Sister Joette Ebert enjoys spending time with summer camp students.
“I couldn’t think of anyplace else to go, and then I remembered who you are.” These words from a past student of Sister Joette Ebert clearly exemplify the impact of her presence on her students.
An educator for 40 years, Sister Joette has spent 35 of those years teaching religion and English to junior high students at St. Anthony Elementary School in the inner city of Washington, D.C. “I love what I do, and thoroughly enjoy the kids. I consider myself blessed.”
Many of Sister Joette’s students experience painful home situations. As a way of helping them deal with such issues she allows students to “take five” when they feel they need to talk about their situations with those who understand. Students in turn pray for the intention. “I want them to feel loved and safe,” she says.
Teachers and parents have also experienced her Franciscan presence and prayer. Three days a week, she meets with teachers and mothers who come together to pray. “It’s a great joy. People have invested a lot of truth to me and let me know how things are going in their life and ask me to pray for them. They trust that I will do that. And I do.”
Beyond the classroom, Sister Joette’s “side ministry” as she calls it, extends into her neighborhood in Hyattsville, Md. where she rents a basement apartment. Her neighbors are from places like El Salvador, Honduras, and Mexico.
Down the street from where she resides, is a community of young lay people whom she visits frequently. “We talk about what’s going on in D.C. and the world and eat popcorn.” In one of their conversations, Sister Joette had the opportunity to talk about the radical nature of St. Francis, about Franciscans and about building authentic relationships. One of the young men asked, “So what do you do with those relationships?” In response she said, “That is one of the best ways we get to know our God.”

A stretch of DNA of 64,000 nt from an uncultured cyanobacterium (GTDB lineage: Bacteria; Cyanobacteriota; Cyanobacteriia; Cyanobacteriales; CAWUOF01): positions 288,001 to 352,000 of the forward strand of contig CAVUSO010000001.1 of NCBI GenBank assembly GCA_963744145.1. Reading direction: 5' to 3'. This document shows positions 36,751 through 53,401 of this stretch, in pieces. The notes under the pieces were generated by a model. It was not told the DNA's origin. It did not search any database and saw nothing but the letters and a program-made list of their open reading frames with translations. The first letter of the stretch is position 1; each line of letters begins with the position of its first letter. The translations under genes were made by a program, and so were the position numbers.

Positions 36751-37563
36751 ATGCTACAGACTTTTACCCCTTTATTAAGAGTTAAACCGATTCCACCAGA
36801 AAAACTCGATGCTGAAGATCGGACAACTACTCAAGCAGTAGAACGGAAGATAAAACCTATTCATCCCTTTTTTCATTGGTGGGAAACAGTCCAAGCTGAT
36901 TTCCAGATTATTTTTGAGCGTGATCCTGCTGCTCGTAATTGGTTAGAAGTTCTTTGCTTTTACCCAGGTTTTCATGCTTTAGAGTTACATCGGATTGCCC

Sister Joette often rides the bus to school in the morning with a couple of these young people. One morning the same young man introduced her to the young lady sitting next to him. “This is Sister Jo,” he said. “She teaches, but mostly she loves.”
When incredible storms hit D.C., Maryland and Virginia in the summer of 2012, neighbors were concerned about food spoiling since they were without electricity. “Inspired by the Spirit,” Sister Joette says she asked several men in the neighborhood to bring out their grills, and a grand cookout took place with the most amazing variety of foods which were enjoyed by about 70 people.
The next morning several of the neighbors knocked on her front door with a homemade certificate that read, “This award goes to Sister Jo. … She is our good neighbor. … She loves God a lot … she figured out how we could all eat together.” Since then, the neighborhood has had about five of what some call “loaves and fishes” parties.
Sister Joette says, “My life is pretty simple, but always blessed. It’s full of bits and pieces. What I know deep in my heart is that God has been remarkably good.”